U.S. Women's National Team
Alex Morgan Lifts U.S. to Sloppy Win Over England
The striker's 50th international goal gave Jill Ellis' team a much-needed victory, but it also masked a few worrisome performances in the midfield and up top. John D. Halloran assesses the situation.
BY John D. Halloran PostedTHE UNITED STATES WOMEN'S NATIONAL TEAM really needed a win against England on Friday. After going 1-1-2 in December, and suffering a humbling 2-0 loss to France on Sunday, questions about whether the team was ready for this summer’s World Cup were becoming more frequent—and louder. Thanks to Alex Morgan's first-half header the U.S. got out in front and held onto the lead, defeating England 1-0 in a sloppy match played in Milton Keynes. Here are three things we learned from the contest.
February 14, 2015
February 14, 2015
The Defense Looked BetterAgainst France, wide backs Meghan Klingenberg and Lori Chalupny took a beating. U.S. head coach Jill Ellis made some adjustments to the starting lineup, reinserting Ali Krieger at right back while pushing Klingenberg to the left and dropping Chalupny to the bench. At first glance, the changes seemed to help, but England also made things easy on the Americans with low pressure and an inability to sustain possession for any length of time. Krieger looked good, making a number of important tackles, and she did well to protect the back post late in the match, heading away a dangerous pass in the dying moments. But the big story from the last two matches on the defensive side for the U.S. has been the play of Becky Sauerbrunn, Whitney Engen, and Ashlyn Harris. Since the 2012 Olympics Sauerbrunn has established herself as one of the best center backs in the world and in these two friendlies, especially with captain Christie Rampone out injured, Sauerbrunn showed her worth. Engen’s last two performances also inspired confidence. Replacing Rampone in the lineup, Engen played well in both matches—a fact that should give Ellis and U.S. fans confidence in their depth at the position, and maybe even give Ellis a selection headache when Rampone returns. Harris, filling in for suspended goalkeeper Hope Solo, played well for her second match in a row, parrying into the crossbar the one good shot England managed. The rebound fell to an England attacker who put the ball away, but the goal was (incorrectly) ruled to be offside.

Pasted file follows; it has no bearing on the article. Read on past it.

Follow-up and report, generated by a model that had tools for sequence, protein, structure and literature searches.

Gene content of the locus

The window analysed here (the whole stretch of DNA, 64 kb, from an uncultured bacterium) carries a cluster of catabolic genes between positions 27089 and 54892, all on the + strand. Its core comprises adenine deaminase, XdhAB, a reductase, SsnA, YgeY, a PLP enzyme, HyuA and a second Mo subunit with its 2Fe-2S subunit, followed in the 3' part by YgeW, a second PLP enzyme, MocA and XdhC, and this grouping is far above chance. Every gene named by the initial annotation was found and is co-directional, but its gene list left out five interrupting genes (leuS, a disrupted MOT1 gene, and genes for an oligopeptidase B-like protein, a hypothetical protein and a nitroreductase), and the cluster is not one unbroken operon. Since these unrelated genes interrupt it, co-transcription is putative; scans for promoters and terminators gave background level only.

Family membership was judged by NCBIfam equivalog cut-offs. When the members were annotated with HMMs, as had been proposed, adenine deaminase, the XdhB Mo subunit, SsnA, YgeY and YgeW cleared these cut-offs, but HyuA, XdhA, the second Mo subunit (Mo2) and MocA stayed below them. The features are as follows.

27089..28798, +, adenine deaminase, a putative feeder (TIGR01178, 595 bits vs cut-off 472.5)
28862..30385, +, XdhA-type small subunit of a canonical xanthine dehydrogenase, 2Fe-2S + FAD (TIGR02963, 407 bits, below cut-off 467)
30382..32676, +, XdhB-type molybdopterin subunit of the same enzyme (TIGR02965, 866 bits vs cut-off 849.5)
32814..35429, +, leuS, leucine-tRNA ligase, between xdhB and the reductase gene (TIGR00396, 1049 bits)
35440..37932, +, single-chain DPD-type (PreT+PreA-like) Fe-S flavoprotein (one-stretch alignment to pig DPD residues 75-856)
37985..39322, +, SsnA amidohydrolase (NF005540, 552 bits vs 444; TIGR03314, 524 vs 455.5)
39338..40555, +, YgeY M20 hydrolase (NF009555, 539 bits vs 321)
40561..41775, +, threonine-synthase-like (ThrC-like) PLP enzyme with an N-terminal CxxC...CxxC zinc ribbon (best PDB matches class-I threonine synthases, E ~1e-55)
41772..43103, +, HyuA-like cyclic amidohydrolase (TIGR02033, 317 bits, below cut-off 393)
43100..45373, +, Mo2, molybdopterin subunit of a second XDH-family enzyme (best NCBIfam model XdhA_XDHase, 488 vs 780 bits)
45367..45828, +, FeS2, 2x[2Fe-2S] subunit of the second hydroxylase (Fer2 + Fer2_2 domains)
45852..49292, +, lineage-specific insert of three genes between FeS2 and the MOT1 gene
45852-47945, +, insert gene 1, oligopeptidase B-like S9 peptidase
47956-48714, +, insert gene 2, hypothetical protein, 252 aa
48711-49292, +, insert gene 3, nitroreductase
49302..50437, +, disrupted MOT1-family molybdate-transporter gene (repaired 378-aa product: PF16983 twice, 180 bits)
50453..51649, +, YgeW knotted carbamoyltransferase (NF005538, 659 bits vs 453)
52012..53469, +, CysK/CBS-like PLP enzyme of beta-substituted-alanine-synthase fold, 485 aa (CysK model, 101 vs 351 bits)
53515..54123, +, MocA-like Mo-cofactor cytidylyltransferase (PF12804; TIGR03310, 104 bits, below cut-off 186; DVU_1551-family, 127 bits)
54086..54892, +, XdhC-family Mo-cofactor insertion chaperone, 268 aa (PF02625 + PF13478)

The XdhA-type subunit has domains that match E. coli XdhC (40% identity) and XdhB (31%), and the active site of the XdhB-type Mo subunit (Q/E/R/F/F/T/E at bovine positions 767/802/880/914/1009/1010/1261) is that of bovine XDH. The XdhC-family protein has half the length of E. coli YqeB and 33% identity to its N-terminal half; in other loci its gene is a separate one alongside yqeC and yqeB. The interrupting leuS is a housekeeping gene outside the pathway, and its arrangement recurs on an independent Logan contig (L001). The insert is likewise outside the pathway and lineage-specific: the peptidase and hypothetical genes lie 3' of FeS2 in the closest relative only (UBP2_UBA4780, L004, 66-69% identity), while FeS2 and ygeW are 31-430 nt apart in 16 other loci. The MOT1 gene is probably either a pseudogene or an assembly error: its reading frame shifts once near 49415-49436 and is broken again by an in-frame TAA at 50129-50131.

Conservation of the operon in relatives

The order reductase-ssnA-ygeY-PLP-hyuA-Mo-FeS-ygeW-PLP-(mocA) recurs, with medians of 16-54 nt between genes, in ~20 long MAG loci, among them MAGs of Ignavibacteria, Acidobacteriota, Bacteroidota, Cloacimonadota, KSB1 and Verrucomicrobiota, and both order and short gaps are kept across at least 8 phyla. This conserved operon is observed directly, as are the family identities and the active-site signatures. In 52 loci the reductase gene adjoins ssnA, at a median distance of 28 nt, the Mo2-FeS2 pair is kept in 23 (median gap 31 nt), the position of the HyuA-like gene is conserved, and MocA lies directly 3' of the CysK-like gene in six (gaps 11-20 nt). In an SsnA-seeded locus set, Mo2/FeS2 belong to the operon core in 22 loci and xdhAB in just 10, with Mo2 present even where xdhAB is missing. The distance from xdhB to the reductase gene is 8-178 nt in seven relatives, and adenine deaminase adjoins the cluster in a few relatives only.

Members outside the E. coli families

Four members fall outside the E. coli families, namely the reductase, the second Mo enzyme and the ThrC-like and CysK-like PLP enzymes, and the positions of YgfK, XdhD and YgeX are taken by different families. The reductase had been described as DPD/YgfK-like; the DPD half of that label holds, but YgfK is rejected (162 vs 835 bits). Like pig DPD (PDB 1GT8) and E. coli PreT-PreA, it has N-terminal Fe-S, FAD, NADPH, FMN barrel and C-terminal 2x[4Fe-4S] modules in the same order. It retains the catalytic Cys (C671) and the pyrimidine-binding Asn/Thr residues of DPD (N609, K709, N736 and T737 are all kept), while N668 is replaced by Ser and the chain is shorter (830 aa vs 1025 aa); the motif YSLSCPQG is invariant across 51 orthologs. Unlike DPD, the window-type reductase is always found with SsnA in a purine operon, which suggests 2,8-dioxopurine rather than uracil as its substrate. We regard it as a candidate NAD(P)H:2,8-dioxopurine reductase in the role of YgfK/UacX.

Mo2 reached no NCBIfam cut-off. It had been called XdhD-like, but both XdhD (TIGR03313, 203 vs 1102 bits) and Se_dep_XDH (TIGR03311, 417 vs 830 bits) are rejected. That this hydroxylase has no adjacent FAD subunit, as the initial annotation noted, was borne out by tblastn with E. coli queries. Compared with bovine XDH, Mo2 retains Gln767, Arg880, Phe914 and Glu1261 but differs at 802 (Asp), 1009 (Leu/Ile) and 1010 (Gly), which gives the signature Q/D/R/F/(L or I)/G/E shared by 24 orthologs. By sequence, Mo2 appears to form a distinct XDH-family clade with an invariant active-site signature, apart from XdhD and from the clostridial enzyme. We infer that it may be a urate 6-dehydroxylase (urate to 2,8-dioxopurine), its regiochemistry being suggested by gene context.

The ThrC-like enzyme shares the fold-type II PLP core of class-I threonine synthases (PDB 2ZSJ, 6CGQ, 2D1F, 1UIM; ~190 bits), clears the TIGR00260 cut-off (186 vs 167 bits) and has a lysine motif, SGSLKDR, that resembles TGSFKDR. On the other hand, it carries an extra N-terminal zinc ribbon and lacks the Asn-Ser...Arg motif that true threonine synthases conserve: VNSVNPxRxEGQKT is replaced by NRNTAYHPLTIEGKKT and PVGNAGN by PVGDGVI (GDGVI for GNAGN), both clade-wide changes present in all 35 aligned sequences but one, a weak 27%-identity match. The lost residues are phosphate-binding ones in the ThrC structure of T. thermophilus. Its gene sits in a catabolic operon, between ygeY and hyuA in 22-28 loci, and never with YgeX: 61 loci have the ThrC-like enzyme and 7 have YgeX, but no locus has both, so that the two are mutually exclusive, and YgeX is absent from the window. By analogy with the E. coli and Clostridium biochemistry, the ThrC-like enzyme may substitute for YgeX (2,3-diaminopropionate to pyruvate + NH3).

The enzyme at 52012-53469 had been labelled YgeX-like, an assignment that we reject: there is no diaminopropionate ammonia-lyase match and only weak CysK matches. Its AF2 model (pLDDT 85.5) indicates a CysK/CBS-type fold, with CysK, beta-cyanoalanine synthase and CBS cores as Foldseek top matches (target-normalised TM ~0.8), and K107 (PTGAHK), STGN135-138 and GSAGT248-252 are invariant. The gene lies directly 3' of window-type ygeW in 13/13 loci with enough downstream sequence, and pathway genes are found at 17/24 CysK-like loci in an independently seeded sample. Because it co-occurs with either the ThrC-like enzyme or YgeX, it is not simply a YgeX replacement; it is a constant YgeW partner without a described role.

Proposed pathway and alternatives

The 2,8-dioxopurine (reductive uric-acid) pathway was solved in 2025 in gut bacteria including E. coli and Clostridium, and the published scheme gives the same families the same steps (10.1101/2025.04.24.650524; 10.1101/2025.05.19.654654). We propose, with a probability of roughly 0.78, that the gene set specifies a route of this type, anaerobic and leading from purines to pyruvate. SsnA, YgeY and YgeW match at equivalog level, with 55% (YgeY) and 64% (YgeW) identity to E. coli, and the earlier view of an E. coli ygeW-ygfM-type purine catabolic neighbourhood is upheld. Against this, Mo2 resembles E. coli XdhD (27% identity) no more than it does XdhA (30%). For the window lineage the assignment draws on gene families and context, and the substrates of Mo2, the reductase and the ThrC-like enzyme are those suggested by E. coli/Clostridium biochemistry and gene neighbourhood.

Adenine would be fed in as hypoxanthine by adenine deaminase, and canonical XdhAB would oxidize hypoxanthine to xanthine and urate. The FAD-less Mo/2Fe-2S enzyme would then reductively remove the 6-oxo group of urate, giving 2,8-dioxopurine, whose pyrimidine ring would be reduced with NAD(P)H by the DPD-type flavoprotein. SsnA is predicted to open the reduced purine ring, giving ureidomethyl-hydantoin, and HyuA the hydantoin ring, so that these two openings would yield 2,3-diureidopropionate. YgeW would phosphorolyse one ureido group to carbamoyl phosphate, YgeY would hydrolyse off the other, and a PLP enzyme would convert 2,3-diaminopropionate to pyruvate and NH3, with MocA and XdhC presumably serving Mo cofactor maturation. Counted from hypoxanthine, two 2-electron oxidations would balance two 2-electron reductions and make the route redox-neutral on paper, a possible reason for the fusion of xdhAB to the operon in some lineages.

Midfield is Still Sixes and EightsIf the U.S. backline inspired confidence, the midfield did just the opposite. England did not apply much pressure but the U.S. still spent much of the match resorting to fruitless long balls and clearly lacked a creative presence in the attacking third.
Morgan Brian and Lauren Holiday were deployed as the dual No. 6’s in Ellis’ newfangled 4-2-2-2. While neither could effectively get forward against France, both could do so against England’s low-pressure defense and did so in creating the game’s lone goal. However, that isn’t likely to happen if and when the U.S. plays teams like Germany, France, Brazil, or Sweden in the World Cup—and the U.S. is likely to struggle with two of its key creative forces pinned back. Carli Lloyd was again, confusingly, deployed wide in the midfield and once again she struggled to make much of an impact. Christen Press, the U.S.’s other wide midfielder, had an uncharacteristically sloppy game.
Alex Morgan gets her first touch in the 21st minute.— Caitlin Murray (@caitlinmurr) February 13, 2015